For many consumers, the December holidays are a stressful time full of obligations, extended family gatherings, and lots of spending. However, there is very little stress associated with Halloween. This holiday is all about fun. As such, being creative with your marketing efforts can score your store big points in the community, and help drive killer sales.
The type of plaza or neighborhood you are in will likely determine the best method for your business. If you are surrounded by many other businesses and have a good relationship with them, you may want to consider reverse trick-or-treating. Purchase generic candy customized with your name, logo, and contact information on the packaging, and pass it around at your neighboring businesses and organizations the week of Halloween. Hopefully, some of the businesses will let you leave a bowl of the candy in their store to reach a larger audience.
If it’s not feasible for you to go door to door, consider investing in custom Halloween themed shopping bags that can double as trick or treating bags. If it is a nicer quality bag, you could use it as an incentive as part of a “free with ‘X’ amount purchase” offer.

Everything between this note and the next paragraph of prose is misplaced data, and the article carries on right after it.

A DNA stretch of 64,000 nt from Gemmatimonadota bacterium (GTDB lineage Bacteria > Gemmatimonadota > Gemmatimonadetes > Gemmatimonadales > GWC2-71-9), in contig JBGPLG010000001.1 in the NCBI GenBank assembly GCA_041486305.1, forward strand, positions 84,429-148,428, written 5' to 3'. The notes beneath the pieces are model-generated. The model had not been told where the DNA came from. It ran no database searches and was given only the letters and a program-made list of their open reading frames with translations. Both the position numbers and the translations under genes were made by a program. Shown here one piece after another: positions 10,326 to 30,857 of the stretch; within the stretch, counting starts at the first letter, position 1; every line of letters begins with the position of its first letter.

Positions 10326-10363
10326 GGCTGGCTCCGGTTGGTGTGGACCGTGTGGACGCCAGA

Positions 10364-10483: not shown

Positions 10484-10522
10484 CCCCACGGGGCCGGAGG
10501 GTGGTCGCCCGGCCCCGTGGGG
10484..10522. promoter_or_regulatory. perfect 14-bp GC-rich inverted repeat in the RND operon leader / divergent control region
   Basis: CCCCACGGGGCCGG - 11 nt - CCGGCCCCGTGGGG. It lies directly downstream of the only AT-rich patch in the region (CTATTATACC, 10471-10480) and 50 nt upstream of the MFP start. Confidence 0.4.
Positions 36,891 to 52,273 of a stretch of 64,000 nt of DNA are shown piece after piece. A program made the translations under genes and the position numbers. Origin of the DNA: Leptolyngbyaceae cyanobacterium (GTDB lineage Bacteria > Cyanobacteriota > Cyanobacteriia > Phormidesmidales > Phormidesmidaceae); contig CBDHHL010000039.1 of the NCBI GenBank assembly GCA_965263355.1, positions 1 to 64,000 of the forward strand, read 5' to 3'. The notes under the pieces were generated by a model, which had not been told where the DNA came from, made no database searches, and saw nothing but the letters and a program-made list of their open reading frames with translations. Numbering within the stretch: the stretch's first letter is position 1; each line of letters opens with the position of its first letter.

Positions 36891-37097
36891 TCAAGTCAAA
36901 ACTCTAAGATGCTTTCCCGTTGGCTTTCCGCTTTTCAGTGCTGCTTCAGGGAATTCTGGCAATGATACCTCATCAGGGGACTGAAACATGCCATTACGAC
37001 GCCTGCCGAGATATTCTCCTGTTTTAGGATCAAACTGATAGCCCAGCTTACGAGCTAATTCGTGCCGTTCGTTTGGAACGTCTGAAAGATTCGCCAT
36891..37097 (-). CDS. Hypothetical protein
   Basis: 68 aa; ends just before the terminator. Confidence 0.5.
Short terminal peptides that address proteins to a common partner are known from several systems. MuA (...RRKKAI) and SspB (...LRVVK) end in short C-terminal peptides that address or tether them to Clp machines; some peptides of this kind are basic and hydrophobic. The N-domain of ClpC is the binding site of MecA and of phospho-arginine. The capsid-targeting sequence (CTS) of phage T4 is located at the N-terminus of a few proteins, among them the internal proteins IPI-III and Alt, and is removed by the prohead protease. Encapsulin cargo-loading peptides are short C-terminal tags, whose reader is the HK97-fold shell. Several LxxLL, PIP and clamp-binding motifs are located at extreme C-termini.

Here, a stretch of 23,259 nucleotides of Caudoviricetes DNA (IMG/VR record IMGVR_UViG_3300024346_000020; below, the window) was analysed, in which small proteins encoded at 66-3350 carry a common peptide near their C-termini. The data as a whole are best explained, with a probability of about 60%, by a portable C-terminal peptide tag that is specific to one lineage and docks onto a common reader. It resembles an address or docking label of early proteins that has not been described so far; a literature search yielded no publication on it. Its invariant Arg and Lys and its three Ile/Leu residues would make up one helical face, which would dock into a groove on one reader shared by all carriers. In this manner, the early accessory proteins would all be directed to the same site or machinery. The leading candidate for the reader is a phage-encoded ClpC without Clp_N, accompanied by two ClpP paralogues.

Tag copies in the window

If your town hosts any type of fall festival, pumpkin carving contest, fair, etc. offer to sponsor part of the event. You will earn some positive publicity, and may even be able to have a vendor booth at the event as part of your sponsorship package.
If your community doesn’t hold any type of annual event, consider starting your own. Costume contests, pumpkin carving, and pumpkin decorating contests are all pretty straightforward to arrange — especially if the carving is done off-site ahead of time. If you are up for the challenge of coordinating a more complicated yet rewarding event, think about a haunted house or craft night. Hosting an event will bring in customers who might not stop by your store otherwise, and will also solidify your store as a Halloween destination for this year and beyond. Whatever you chose, make sure to not only share on your store’s social media but also contact the local press to get as much exposure possible for your efforts.
Fall for Fun
As quoted in an article from the National Retail Federation, “After a long summer, consumers are eager to embrace fall and all of the celebrations that come with it,” says NRF president and CEO Matthew Shay. Preparing your store for Halloween and boosting your sales throughout the season should be a fun experience for both you and your customers. Have Halloween music playing the weekend of the holiday, encourage employees to dress up, and don’t forget your own costume.
As retailers, it’s easy to rush through Halloween in anticipation of other winter holidays. However, between candy, decorations, apparel, scary movies, costumes, and pet costumes there is an angle for every retailer to get involved and have a profitable holiday.